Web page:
The massive Quay Valley new town proposal in western Kings County is suddenly alive again after being left for dead at the start of the Great Recession.
Last week developer Quay Hays of Los Angeles submitted an application to the Kings County Planning Department seeking to rezone 7,500 acres of grazing land for housing and commercial development.
The proposed development straddles Interstate 5 north of the Kern County line halfway between Los Angeles and San Francisco.
It calls for 25,000 dwelling units — homes and apartments — that would house 75,000 people, plus themed resort hotels and restaurants, a business park and university research park, restored wetland habitat, trails for nature walks and agriculture in a combination dubbed the “new ruralism” in a preliminary plan submitted to the county.
Hanford, the county seat, has a population of more than 55,000.
In drought-stricken California, a key unanswered question for Quay Valley is where its water will come from.
“We spend more time on that issue than any other,” Hays said, adding that some will come from the California Aqueduct. He’s in the process of determining demand and potential water sources, but says conservation and water reclamation will be essential parts of the plan.
“We’ll use half the water that typically would be used,” he said. “We don’t use water, we reuse it. Every drop will be cleaned and reused.”
The community would incorporate the latest in green technology, including electricity from solar panels and transportation that gets people out of their cars, Hays said.
The zone change application by GROW Holdings LLC — GROW stands for green, renewable, organic and water — must go through the county’s “new community application and processing procedure” that was put in place five years ago, planning director Greg Gatzka said.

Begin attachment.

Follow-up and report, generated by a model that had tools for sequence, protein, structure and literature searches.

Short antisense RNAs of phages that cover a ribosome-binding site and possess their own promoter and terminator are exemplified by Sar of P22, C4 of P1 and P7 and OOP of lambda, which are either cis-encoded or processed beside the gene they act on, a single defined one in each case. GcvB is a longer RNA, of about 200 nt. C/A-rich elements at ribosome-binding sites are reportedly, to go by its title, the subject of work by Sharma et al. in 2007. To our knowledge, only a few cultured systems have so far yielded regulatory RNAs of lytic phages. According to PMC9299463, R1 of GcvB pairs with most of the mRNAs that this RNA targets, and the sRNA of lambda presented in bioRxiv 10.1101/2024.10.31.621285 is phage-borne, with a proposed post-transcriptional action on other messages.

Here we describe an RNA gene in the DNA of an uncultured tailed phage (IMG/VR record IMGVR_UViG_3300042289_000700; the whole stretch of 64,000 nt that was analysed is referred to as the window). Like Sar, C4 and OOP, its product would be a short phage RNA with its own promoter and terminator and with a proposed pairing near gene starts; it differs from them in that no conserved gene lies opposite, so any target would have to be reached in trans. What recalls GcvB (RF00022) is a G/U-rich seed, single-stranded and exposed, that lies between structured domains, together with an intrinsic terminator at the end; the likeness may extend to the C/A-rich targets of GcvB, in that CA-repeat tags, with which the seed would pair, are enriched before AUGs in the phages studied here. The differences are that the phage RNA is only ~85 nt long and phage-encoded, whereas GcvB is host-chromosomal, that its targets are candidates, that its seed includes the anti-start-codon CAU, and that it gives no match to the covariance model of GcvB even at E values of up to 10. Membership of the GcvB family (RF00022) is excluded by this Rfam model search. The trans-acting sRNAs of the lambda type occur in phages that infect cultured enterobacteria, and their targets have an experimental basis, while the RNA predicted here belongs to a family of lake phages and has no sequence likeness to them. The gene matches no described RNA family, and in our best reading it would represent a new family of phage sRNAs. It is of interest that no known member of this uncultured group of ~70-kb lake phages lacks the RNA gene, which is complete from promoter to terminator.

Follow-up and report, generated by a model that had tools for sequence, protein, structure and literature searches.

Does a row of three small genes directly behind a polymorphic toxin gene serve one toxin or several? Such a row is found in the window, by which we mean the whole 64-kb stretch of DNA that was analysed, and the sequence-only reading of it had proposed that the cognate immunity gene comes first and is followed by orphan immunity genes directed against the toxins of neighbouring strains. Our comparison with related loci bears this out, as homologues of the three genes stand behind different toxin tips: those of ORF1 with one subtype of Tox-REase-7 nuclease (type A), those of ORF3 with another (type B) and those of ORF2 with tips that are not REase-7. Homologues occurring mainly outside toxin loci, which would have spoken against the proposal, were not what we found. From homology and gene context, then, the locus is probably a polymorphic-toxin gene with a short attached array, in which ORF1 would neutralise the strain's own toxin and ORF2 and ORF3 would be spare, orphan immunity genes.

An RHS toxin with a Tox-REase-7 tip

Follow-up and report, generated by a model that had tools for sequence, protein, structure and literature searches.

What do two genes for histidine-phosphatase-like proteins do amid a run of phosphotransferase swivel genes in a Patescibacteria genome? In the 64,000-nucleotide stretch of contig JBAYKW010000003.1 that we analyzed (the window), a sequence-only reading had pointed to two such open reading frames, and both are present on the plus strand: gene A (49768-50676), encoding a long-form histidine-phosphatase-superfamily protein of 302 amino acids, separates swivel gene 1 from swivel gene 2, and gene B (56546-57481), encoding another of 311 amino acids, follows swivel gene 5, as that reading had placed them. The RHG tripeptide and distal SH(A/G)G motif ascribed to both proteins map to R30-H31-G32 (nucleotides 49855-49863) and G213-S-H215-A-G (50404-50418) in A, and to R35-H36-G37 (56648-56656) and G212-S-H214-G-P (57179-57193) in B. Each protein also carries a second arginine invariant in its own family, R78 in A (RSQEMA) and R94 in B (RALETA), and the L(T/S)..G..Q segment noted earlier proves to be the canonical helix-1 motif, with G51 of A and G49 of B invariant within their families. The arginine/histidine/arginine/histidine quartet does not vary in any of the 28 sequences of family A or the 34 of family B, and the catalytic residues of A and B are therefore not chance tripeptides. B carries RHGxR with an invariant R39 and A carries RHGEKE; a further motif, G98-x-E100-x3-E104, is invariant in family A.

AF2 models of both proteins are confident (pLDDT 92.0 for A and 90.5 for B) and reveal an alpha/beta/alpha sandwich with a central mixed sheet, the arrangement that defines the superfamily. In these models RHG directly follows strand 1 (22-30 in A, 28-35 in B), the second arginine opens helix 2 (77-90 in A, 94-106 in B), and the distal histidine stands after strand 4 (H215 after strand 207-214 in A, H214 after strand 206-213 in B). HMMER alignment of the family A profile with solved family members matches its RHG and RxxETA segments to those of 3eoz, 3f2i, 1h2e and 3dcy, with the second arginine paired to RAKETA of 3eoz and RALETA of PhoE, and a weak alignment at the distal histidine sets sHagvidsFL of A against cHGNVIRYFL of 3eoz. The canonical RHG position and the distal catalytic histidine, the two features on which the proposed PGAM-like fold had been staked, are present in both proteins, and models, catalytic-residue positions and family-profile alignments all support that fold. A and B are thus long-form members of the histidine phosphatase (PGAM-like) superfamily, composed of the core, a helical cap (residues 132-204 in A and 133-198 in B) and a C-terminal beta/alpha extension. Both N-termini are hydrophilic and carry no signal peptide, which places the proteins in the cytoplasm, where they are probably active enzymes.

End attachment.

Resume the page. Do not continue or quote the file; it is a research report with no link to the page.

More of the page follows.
It’s unknown how long that would take, but the county has 30 days to determine if the application was filed correctly, Gatzka said.
If the county approves the project, it would take 15 to 20 years to fully build Quay Valley, with “a robust phase one that has a balance of jobs and homes,” Hays said.
Quay Valley is one of several so-called “new towns” being proposed in the San Joaquin Valley. Others include Rio Mesa in Madera County, Yokohl Ranch in Tulare County, and a Tejon Ranch project in Kern County. The Millerton new town project in Fresno County on 2,000 acres has been approved, but is tied up in litigation.
Critics say new town proposals are designed to enrich property owners.
“Fundamentally, it’s a speculative venture,” said independent city planner Greg Collins of Visalia. “You control a large parcel that you didn’t pay a lot for and you attempt to get the property rezoned and approved for something more intensive. You have substantially increased the value of property.”
Former Fresno City Manager Mark Scott, who raised the ire of developers when he questioned whether growth pays for itself, said new town projects constitute sprawl.
“It’s insanity,” he said. “I don’t think it makes any sense from a land-use standpoint to have new cities popping up that aren’t connected to city infrastructure.”
But Kings County Supervisor Richard Valle, whose district includes the area, said he supports the project.
“I’m pro-development,” Valle said. “I’m willing to support him or anyone willing to invest in Kings County” because of the jobs that would be created.
Questions about water supply, air pollution and other issues will be addressed in the environmental impact report, he noted.
The Quay Valley project was first proposed with a larger footprint and twice as many homes.
It was revived because market conditions are improved, the state’s population is growing and the public is more knowledgeable about and accepting of the kind of green technologies he’s proposing, Hays said.
“When I started this project, people’s eyes would glaze over,” he said. “There’s been a major shift.”